i =1 4 L3

∂U EIπ 4 a n n 4 (4)

=

∂a n 2 L3

The potential energy due to the force P, equation 5 can be simplified to equation

6, and the differentiation is represented in equation 7.

− P dv 2 (5)

L

2 ∫0 dx

VP = ( ) dx

Pπ 2 ai2 i 2

n (6)

VP = −∑

i =1 4L

∂VP Pπ 2 a n n 2 (7)

=−

∂a n 2L

∂U ∂VP

The variables and will turn to be a matrix that fills only the main

∂a n ∂a n

diagonal due to the independence of the crossed terms, but in the case of the potential

energy due to the springs the crossed terms has to be considered. The potential energy

due to the springs is represented in the equation 8, the differentiation follows a rule which

is presented in equation 9. In equation 9, n represents the line in the matrix and j the

column that will form the matrix. The final matrix will always be of dimension n x n.

2

1 ⎛ n

ns

iπx ⎞ (8)

Vs = ∑ k ⎜ ∑ ai sin( ) ⎟

1 2 ⎝ i =1 L ⎠

= ∑ k sin( ) ⋅ sin( )

∂a n 1 L L

The sum of the equations 4, 7 and 9 by energy equilibrium is equal to zero, then it

is formed the eigenvalue problem.

A Matlab routine was developed to analyze the problem and vary the spring

stiffness based on the lognormal distribution. The program is in the appendix 10.2. The

program also permits the variation of the probability of failure for each spring using a

linear function.

To confirm the results using the Matlab program one of the examples was

simulated in ABAQUS, the input is in the Appendix 10.1. The example was defined in

chapter 3. Figure 7 shows a sketch of the problem as soon as the restrictions adopted to

force the column to buckle in the direction that the springs are effective and the

eigenvector for the first mode.

a) Model to be studied b) FEM and rigid c) Springs position d) Eigenvector for the first

restrictions mode (eigenvalue=146.23kips)

Figure 7 – ABAQUS model.

The eigenvector for the first mode is not composed for the same number of half-

waves than the spaces between springs, what means that the springs does not provide

enough restriction to the column to buckle between connections. By another way, the

lengths of half-waves are not equal to 2a, although the number is very close for this

example.

The eigenvalue identified using ABAQUS was 146.23kips and using the Matlab

program the value is 148.11kips. The small difference between FEM and the energy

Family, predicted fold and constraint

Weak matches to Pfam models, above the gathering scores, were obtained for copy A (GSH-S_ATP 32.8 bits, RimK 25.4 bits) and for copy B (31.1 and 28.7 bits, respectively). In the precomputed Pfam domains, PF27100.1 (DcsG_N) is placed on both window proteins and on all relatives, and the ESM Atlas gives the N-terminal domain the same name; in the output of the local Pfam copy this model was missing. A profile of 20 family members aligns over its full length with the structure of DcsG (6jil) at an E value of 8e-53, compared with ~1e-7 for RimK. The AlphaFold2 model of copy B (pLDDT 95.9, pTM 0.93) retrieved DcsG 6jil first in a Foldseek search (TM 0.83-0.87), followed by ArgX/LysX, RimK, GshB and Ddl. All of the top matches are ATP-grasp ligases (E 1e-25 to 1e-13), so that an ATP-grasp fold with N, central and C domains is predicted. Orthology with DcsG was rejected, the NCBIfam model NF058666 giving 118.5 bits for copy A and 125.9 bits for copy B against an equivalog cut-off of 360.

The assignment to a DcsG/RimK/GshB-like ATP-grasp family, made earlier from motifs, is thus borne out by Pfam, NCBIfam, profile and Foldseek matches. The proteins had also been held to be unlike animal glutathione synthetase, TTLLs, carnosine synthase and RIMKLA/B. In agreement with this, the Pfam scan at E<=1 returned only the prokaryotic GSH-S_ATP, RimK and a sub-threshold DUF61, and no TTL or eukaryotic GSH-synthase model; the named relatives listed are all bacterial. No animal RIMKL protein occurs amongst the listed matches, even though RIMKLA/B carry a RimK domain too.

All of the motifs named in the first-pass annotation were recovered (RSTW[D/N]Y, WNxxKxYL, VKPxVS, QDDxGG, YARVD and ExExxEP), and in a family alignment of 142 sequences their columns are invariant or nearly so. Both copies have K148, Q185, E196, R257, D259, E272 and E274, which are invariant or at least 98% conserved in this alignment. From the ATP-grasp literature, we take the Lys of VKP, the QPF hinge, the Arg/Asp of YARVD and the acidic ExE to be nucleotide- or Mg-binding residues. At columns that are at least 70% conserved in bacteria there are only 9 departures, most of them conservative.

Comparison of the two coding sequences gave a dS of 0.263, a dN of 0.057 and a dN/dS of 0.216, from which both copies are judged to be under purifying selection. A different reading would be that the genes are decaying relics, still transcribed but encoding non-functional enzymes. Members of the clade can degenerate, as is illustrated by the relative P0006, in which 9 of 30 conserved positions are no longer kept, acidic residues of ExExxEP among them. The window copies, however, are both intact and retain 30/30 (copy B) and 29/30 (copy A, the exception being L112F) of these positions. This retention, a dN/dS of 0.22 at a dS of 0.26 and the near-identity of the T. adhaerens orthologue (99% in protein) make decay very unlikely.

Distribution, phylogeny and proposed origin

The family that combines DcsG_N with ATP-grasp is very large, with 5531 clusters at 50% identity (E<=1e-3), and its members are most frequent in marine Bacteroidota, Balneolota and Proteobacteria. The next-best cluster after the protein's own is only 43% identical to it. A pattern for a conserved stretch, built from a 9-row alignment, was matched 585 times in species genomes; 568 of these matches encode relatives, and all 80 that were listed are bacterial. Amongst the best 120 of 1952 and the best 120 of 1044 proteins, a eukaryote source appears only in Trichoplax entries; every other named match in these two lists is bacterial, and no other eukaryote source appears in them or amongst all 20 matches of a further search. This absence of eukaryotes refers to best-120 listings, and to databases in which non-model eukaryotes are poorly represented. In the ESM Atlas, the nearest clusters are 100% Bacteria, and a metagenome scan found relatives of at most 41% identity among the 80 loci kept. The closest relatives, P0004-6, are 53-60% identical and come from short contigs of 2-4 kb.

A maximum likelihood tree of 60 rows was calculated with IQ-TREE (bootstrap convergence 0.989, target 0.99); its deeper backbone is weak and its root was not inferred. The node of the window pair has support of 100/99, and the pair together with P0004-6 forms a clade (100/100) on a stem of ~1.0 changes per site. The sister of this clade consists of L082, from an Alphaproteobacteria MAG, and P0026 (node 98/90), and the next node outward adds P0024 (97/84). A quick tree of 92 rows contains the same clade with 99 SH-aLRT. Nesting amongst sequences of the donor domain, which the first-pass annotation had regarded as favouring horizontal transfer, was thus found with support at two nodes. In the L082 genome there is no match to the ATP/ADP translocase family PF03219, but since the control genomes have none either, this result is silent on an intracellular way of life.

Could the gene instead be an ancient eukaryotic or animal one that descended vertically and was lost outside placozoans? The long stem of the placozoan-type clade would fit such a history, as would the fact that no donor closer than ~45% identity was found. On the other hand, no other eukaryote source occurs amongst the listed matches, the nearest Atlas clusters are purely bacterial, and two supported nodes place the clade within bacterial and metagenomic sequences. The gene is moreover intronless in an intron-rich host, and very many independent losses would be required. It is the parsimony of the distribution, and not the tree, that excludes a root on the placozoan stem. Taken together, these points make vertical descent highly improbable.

method (Rayleigh-Ritz) can be explained by the fact that both assumptions are

approximated solutions for the problem. Hence, the Matlab routine was considered a

good approximation.

Another comment is how close the results are to the value calculated in chapter 3,

(Pcr(@2a)=128.86kips), and has to be said that the difference of 13% is acceptable

considering the lack of a reliability knowledge to analyze the problem. The results are

close because of the fact that the half-wave length formed for this spring stiffness is close

to 2a, if it was not true the difference can be bigger. Remember that the spring stiffness

are based on the material plywood but it could be gypsum which present low values for

the spring stiffness and consequently the number of waves would be less and the

assumption 2a would be unsafe. The consideration of a buckling length of 2a is

reasonable but can be better.

6. Model studied

of failure to each point connected in the column, Figure 1, or b) associate a probability of

failure to each fastener that connects to the stud, Figure 8. The difference will be if

happens a failure in a, the point in the column is complete ineffective, by another way

considering b the point in the column can still have the contribution of the another spring.

In fact, what happens is case b, where the probability of failure of each spring is

uncorrelated, but case a is the case that the codes are based.

Figure 9 shows the study done for case a, the probability of failure vary from 0 to

10%, for each probability of failure were analyzed 1000 models. All the values are

plotted for the fastener spacing of 8in. (circles), as soon as the mean and the bounds

(mean plus and minus standard deviation), in order to compare are plotted the results for

fastener spacing of 16in. and probability of failure 0%.

The comparison between fastener spacing of 8 and 16in. shows that it is very

conservative consider the distance 16in. based on the assumption that the fastener can be

missed or over-drifted. As was expected the mean decrease and the standard deviation

increase with the probability of failure, more discussion about the results are in the next

section.

Probability associated to each spot (double spring)

90

80 mean + std

70

60

mean

50

Pcr

40 mean - std

30

20 fast. spac.=16in.

10

0

0 2 4 6 8 10

Probability of failure (%)